Pakistan is home to several religious minorities, notably the Hindus, Sikhs and Christians. It is also home to a tiny 200 member Jewish community which is scattered all over the country. This is their story.

First Look

Pakistan’s small Jewish community gained attention when a Pakistani Jew, Fishel Benkhald, was reportedly allowed to undertake a “religious journey” to Israel, a country the Pakistani government does not recognise due to its illegal occupation of Palestinian land. This community is also known as the Lost Tribe by many.

What is the Lost Tribe?

According to Jewish lore, the Ten Lost Tribes of Israel refer to the ten tribes that formed the Kingdom of Judah which then vanished from Biblical accounts after the Kingdom was destroyed by the Assyrians around 723 BC. While this is not necessarily where the name is derived from for the community, it provides insight into what the the phrase Lost Tribe holds in the Jewish community.

There are more Jewish tribes than one might think in Pakistan, if you get time later, check this journal out. For now, though, story time.

Pakistan’s most famous Jew

Pictured: Fishel Benkhald
  • Fishel Benkhald, 32, is quite popular on social media and had published a couple of articles to his name in international publications before writing for a local paper.
  • He wrote the first article for an English daily in Pakistan in 2018.
  • In the piece titled “I’m a Jewish and a Pakistani…let me go to Israel” he made a passionate appeal that he be granted freedom to religion through allowing him to visit holy places in Israel.

“I am stuck in a real life conundrum. Being a practicing Jewish man, I want the freedom to perform my religious duties, a right granted to me and other minorities in the country by the constitution,” he wrote. Fishel continued, the reality is that my Pakistani passport states that ‘this passport is valid for all countries of the world, except Israel’.

“As per the constitution, every citizen has the right to practice their religion, including religious pilgrimages. How then, can the state be justified in prohibiting not only Jews, but Pakistani Christians, Messianic Jews, and even Muslims from travelling to Jerusalem? This self-conflicting sentence on our passports is flawed and inconsistent with our constitution, and it is time to challenge this archaic law,” Fishel gave us a good reminder.

Then, finally the Pakistan Tehreek-e-insaf Government granted him his wish.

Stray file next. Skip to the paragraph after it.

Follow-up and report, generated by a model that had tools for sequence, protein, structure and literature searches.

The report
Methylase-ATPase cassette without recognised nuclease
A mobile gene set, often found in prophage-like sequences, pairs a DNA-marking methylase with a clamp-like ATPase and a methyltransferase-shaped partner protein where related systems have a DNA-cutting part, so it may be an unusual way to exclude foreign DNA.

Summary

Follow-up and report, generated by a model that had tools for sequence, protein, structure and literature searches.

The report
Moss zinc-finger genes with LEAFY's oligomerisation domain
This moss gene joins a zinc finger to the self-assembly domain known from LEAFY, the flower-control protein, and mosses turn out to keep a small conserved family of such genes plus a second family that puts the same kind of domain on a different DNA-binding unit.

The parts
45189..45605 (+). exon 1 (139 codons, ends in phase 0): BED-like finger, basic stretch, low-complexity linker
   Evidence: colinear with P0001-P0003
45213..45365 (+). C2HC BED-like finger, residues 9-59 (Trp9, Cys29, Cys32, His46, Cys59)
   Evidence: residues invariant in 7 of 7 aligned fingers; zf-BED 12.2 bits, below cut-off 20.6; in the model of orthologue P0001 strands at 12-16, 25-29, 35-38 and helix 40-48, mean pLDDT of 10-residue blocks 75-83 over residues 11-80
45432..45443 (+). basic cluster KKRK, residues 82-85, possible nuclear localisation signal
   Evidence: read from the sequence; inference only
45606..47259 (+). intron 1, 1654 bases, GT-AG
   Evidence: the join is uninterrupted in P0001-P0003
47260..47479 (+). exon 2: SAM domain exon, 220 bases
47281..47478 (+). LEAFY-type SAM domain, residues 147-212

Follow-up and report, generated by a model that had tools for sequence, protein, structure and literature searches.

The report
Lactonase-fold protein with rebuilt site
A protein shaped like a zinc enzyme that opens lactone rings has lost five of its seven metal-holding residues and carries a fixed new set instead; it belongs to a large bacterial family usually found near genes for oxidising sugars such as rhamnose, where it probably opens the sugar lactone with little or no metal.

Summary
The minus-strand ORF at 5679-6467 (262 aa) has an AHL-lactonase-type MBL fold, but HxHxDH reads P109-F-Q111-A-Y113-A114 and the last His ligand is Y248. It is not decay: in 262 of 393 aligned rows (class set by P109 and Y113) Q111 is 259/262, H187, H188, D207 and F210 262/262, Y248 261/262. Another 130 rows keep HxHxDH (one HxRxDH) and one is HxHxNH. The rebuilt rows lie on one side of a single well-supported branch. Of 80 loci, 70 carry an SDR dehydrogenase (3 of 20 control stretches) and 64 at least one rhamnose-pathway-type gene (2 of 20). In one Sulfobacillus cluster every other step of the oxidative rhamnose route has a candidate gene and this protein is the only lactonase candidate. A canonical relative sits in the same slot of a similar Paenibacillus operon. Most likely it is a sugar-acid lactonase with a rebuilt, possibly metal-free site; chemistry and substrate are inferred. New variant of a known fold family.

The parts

A Brave man

  • He is the son of a Muslim father and a Jewish mother, and all four of his brothers practice Islam.
  • He was registered as a Muslim at birth but he always identified with Judaism.
  • In 2016 he finally got the courage to register himself as a Jewish Pakistani with the National Database Registration Authority in 2016. He was the first Pakistani to do so, also making him the first known Jewish person in Pakistan.
  • He will be the first Pakistani citizen of Jewish faith to officially travel to Israel if he is granted a visa and other required facilities.

A Short historic Jewish statistic

The mehndi ceremony of a Jewish wedding in Karachi
  • Local media and some officials have put the figure for the country’s Jewish community between 700 and 800, though Fishel believes they number no more than 200.
Pictured: The Abraham Reuben Clan, Karachi, Pakistan, 1936
  • The history of Jews in Pakistan dates back to the 19th century. Most Pakistani Jews belong to India’s Bene Israel community, while some had come in from neighboring Afghanistan.
Pictured: The Bene Israel Community of India
  • Speaking to an international publication, he says most of the Jews currently living in Pakistan belong to the first generation. The second and third generations according to him have “migrated in the last four to five decades”. The senior Jews he says are dual nationals and they shuttle between Pakistan and their second homes.
  • Benkhald says the senior generation still has feelings and affiliation with Pakistan and they regularly visit the country aswell, as they still have homes and other properties here.
  • The second and third generations have supposedly permanently settled abroad and no longer have any links with this country.

Most of the local Jews left reside in Islamabad, Karachi and Lahore.

The exodus

Pictured: Rebecca Reuben’s Hebrew Class at the Huzurpaga High School for Indian Girls, circa 1913
  • Karachi was once home to 1,000 to 1,500 Jews before the Independence of Pakistan in 1947. At that point, a very significant majority of them migrated to Israel following the creation of the Hebrew state.
Arab-Israel War 1973